Can't Afford the $599 Oculus Rift? 7 Cheap VR Headsets

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Facebook's Oculus Rift virtual reality headset was introduced in March for $599, leading to sticker shock and complaints from consumers who remembered promises of a $350 device. Despite the high cost of some VR headsets, there is also a handful of budget-friendly options making it possible to experience virtual reality without spending too much real money.

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Google Cardboard is a virtual reality viewer literally folded out of cardboard to fit around most Android phones, as well as some Apple iPhones -- about 6 inches is the maximum screen size. The viewer has no head strap, so users must hold it to their faces. There are loads of apps to give users a feel for the capabilities of VR, including an entire YouTube library of 360-degree video content. That being said, Google Cardboard is not meant to be a serious contender in the VR space. It's made of cardboard, after all, and can't be expected to last long. With no head strap, it's not particularly comfortable and would be unpleasant to use for long periods. Despite these flaws, expert reviewers say this should be the first choice for dipping a toe into virtual reality as cheaply as possible.

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As the price point suggests, the Immerse virtual reality headset is closer in quality to Google Cardboard than to a high-end VR setup. Its primary advantage is an easily adjustable head strap -- which doesn't mean it will be comfortable. A lack of padding where it rests on the nose makes it difficult to wear for long, reviewers say. The Immerse headset fits a wide variety of phones, but the process of putting one into the headset isn't easy. A lack of standard controls keep this device from being particularly interactive. Users who want to be able to watch videos without using their hands may prefer this to a Cardboard viewer, but it is not a good option for gamers.

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The Freefly VR is another option that works with a variety of smartphones, so long as they are between 4.7 and 6.1 inches (this rules out the iPhone 5). It sports a solid 120-degree field of view and is compatible with Google Cardboard apps. Unfortunately, the design makes smartphone buttons inaccessible, so adjusting the volume can be a pain if not using headphones with in-line controls. On the other hand, the U.K. shopping and review site Shopomo reports that this design does a better job securing a smartphone in place than other available options, and the Freefly VR is light and comfortable to wear.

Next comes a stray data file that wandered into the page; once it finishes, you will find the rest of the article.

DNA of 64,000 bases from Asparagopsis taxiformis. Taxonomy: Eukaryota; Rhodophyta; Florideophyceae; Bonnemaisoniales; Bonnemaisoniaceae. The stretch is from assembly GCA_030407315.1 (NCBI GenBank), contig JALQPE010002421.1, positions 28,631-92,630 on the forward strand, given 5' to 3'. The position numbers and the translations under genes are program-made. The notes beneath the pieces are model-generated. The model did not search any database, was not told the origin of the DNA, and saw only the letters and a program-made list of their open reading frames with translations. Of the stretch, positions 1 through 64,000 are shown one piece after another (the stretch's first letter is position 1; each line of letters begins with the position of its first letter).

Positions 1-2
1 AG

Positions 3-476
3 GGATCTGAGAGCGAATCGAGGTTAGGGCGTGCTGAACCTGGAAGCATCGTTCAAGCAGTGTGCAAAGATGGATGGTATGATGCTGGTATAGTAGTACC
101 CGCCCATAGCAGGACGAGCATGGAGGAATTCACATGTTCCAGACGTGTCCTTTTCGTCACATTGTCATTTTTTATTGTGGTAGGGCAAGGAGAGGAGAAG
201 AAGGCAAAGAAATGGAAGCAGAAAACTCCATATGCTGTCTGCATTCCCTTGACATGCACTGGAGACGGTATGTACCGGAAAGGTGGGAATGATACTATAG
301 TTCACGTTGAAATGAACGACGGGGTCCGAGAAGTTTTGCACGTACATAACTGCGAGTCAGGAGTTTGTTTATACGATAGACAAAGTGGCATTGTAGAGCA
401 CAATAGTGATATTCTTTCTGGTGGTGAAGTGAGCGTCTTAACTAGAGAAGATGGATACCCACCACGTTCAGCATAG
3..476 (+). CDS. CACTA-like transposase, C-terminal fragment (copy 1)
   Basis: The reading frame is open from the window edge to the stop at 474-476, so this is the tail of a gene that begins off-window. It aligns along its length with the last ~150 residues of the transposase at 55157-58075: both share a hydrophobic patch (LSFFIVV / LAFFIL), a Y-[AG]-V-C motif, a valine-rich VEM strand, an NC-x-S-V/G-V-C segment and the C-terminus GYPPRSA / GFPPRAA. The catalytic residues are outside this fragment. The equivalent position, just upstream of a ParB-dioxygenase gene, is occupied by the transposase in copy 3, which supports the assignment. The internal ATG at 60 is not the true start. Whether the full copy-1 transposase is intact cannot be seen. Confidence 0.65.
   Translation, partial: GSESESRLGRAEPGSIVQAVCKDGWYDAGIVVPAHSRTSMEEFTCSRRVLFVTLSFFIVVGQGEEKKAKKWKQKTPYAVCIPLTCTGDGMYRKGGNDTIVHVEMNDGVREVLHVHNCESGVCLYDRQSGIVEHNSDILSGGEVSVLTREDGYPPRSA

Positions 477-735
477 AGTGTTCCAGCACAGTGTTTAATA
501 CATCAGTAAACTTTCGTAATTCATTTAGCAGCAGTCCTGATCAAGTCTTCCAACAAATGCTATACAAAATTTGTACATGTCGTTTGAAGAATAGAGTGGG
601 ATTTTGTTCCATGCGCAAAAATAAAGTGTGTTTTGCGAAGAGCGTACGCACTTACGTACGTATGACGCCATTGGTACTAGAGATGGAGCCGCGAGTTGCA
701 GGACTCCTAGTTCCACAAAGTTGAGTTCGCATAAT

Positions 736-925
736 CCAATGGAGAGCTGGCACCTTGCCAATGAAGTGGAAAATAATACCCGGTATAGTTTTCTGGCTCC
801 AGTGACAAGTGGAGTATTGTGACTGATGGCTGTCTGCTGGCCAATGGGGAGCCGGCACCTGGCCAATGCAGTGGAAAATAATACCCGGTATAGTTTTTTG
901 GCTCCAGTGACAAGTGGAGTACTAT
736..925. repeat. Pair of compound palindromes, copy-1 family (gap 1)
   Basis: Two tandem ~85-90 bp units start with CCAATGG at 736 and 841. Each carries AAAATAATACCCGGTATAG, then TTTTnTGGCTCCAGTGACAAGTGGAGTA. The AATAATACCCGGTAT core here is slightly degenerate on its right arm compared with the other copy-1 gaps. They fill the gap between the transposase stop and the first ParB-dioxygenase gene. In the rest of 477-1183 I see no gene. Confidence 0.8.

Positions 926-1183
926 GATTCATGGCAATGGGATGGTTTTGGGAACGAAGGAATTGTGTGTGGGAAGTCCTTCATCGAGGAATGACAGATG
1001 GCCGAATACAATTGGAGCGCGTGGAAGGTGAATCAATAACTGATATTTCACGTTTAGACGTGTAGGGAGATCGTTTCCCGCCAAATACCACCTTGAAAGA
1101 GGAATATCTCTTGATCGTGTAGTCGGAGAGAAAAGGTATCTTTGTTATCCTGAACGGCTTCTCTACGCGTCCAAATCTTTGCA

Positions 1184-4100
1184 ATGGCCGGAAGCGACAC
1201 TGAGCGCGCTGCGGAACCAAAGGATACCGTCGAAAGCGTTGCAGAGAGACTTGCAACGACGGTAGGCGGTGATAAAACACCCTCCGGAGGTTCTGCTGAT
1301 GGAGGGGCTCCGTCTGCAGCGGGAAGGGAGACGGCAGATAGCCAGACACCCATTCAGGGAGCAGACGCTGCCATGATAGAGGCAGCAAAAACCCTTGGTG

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The colorful Merge VR Goggles are compatible with a wide variety of iOS and Android phones (including the iPhone 5 at the small end and the iPhone 6 Plus at the large end). They are Google Cardboard-compatible, giving Merge owners access to all those apps. The goggles are made of a purple, antimicrobial foam, so they are durable and can be passed around without worrying about where everyone's hands have been. They're also capable of augmented reality, in which images are overlaid atop virtual reality (think Arnold Schwarzenegger's vision in "The Terminator"). The downsides to the Merge VR Goggles, according to the tech review site Tom's Guide: a limited selection of exclusive content and potentially uncomfortable fit, with lenses that can slide out of position.

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HOMIDO ($80)

The general consensus among reviewers is that the Google Cardboard-compatible Homido is just a step up from the Cardboard. Trusted Reviews notes the sturdy build and lenses that can be adjusted to match the distance between the eyes. This device also comes with a head strap (although reviewers say it can be uncomfortable for some users, particularly those with bigger heads). The Homido can accommodate nearly any smartphone. Still, it lacks a standard control system, making many VR games unusable without spending another $25 to buy a controller from Homido.

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The Samsung Gear VR is essentially a case that uses select Samsung phones (the Note 5, Galaxy S6, S6 Edge, and S6 Edge Plus) as the processor and display. Co-developed by Oculus, the Gear is like the baby cousin of the Oculus Rift. Reviewers are in agreement: For those who have a compatible phone, the Gear is the top choice for experiencing VR on a budget. But there are some minor gripes: It fogs up occasionally, and Tom's Guide reports that it can overheat if used for too long. That being said, there is a robust selection of apps available and the device is light and comfortable.

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The Zeiss VR One compares to the Samsung Gear VR but is compatible with iOS and Android phones between 4.7 and 5.2 inches. Reviewers deem the build quality excellent and the headset comfortable to wear. Zeiss is known for top-notch camera lenses, so it's no surprise that reviewers commend the lenses for high quality and for not getting as foggy as many competitors. However, the lenses are one-size-fits-all and cannot be adjusted. That means images can be blurry and some users may get dizzy or nauseous while using the headset. The Zeiss VR One also lacks controls, making it incompatible with many apps. Add-on magnetic switch controls cost about $12. For anyone with a compatible Samsung phone, reviewers generally consider the Gear VR a better choice.